Ever dug into the back of your fridge for something, in particular, only to discover a small fuzzy block somewhat resembling a pet you may have had as a child is lurking behind forgotten bowls of leftovers? Here are few guidelines for determining whether to chuck moldy cheese or munch it, safely.
Moldy Cheese – Soft vs Hard Cheese
Any type of soft cheese that sprouts mold should be immediately discarded. Soft cheeses include cream cheese, cottage cheese, and ricotta cheese. In addition to mold, dangerous bacteria such as brucella, E.coli, listeria, and salmonella can grow.
Also, in soft cheese, the mold grows root threads that can spread throughout the cheese. It is also Not Safe to consume any types of cheese that have been crumbled, shredded or sliced.
Generally speaking in harder cheeses such as Cheddar, Colby and Monterey Jack, the mold isn’t able to penetrate deeply within the cheese. Cut a full inch away (above and below any moldy surface of the cheese).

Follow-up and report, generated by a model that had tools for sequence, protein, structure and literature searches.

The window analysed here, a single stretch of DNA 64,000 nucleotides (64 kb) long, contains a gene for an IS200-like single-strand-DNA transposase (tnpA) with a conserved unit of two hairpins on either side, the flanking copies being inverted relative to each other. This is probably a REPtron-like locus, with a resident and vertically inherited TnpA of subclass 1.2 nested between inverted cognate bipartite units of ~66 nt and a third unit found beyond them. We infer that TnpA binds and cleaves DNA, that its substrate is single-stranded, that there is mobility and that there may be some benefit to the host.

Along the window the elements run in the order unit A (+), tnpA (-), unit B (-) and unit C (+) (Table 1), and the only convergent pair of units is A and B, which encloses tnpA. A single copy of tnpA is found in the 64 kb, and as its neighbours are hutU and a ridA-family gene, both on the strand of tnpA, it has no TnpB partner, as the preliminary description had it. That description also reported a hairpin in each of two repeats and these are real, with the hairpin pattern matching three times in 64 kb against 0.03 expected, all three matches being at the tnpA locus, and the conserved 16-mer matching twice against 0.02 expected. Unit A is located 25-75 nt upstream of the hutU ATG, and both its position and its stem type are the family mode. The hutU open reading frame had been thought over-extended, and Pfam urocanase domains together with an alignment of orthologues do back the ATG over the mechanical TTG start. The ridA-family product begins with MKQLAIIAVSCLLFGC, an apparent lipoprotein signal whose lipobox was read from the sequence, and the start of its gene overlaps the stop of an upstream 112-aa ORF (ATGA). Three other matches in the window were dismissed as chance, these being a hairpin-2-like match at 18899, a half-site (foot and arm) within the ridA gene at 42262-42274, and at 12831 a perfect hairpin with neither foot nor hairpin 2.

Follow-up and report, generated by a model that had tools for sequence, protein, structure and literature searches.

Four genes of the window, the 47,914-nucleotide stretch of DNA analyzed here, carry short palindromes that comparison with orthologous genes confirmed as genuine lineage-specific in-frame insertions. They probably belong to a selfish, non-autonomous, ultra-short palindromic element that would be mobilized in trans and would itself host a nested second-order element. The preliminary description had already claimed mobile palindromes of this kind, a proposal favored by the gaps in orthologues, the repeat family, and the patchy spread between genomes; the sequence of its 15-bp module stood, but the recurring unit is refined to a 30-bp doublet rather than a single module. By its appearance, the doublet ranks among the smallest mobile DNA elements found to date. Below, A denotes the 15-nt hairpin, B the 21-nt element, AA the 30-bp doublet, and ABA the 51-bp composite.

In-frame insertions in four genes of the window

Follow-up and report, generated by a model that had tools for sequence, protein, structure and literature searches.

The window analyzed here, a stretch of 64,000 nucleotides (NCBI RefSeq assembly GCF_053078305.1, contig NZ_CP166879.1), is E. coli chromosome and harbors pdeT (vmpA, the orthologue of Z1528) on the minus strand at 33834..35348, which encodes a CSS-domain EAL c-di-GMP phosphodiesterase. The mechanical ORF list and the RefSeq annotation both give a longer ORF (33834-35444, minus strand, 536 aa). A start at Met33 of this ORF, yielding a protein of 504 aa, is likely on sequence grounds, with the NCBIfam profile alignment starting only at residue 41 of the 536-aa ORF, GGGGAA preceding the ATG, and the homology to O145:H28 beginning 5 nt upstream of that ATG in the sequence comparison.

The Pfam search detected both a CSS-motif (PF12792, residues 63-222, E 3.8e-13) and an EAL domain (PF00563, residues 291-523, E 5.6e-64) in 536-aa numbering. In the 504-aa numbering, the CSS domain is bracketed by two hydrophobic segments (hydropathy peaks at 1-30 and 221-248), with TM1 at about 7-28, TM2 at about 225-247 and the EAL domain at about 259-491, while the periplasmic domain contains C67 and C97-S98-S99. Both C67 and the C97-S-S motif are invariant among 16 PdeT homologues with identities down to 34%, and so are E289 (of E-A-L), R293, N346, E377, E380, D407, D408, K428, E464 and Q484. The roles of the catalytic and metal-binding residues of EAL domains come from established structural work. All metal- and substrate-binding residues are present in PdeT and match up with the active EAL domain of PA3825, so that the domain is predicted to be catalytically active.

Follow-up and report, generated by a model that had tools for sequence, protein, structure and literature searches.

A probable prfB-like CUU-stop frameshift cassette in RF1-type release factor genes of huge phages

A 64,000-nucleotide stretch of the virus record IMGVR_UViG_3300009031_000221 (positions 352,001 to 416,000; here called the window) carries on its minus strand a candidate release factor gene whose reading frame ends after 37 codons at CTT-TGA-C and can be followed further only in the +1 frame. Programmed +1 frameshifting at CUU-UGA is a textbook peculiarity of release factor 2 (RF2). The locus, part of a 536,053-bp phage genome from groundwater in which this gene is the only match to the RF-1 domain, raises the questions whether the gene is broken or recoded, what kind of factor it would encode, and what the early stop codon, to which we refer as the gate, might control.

Be sure you aren’t cross-contaminating the cheese by slicing through the mold with your knife.
Some types of mold are actually used to make various types of cheese (such as Brie), but if you’re unsure of the type of cheese you have or the safety, please just throw it away.
While we always advocate saving money, taking chances with your health is NOT worth the risk.
|Type of cheese||Discard — do not eat||OK to eat after mold is removed|
|Any cheese that is shredded, crumbled or sliced||X|
Heat and Mold
You may find yourself tempted to heat the moldy cheese in order to kill the mold and salvage the cheese you’ve purchased. While most molds cannot survive at temperatures above 140 degrees Farenheit, the toxins that are produced by the molds CAN survive at those temperatures, which means that while the mold itself will be dead, the toxins created by them will be very much alive and potent and can render you severely ill should you decide to consume them
© Can Stock Photo / horatio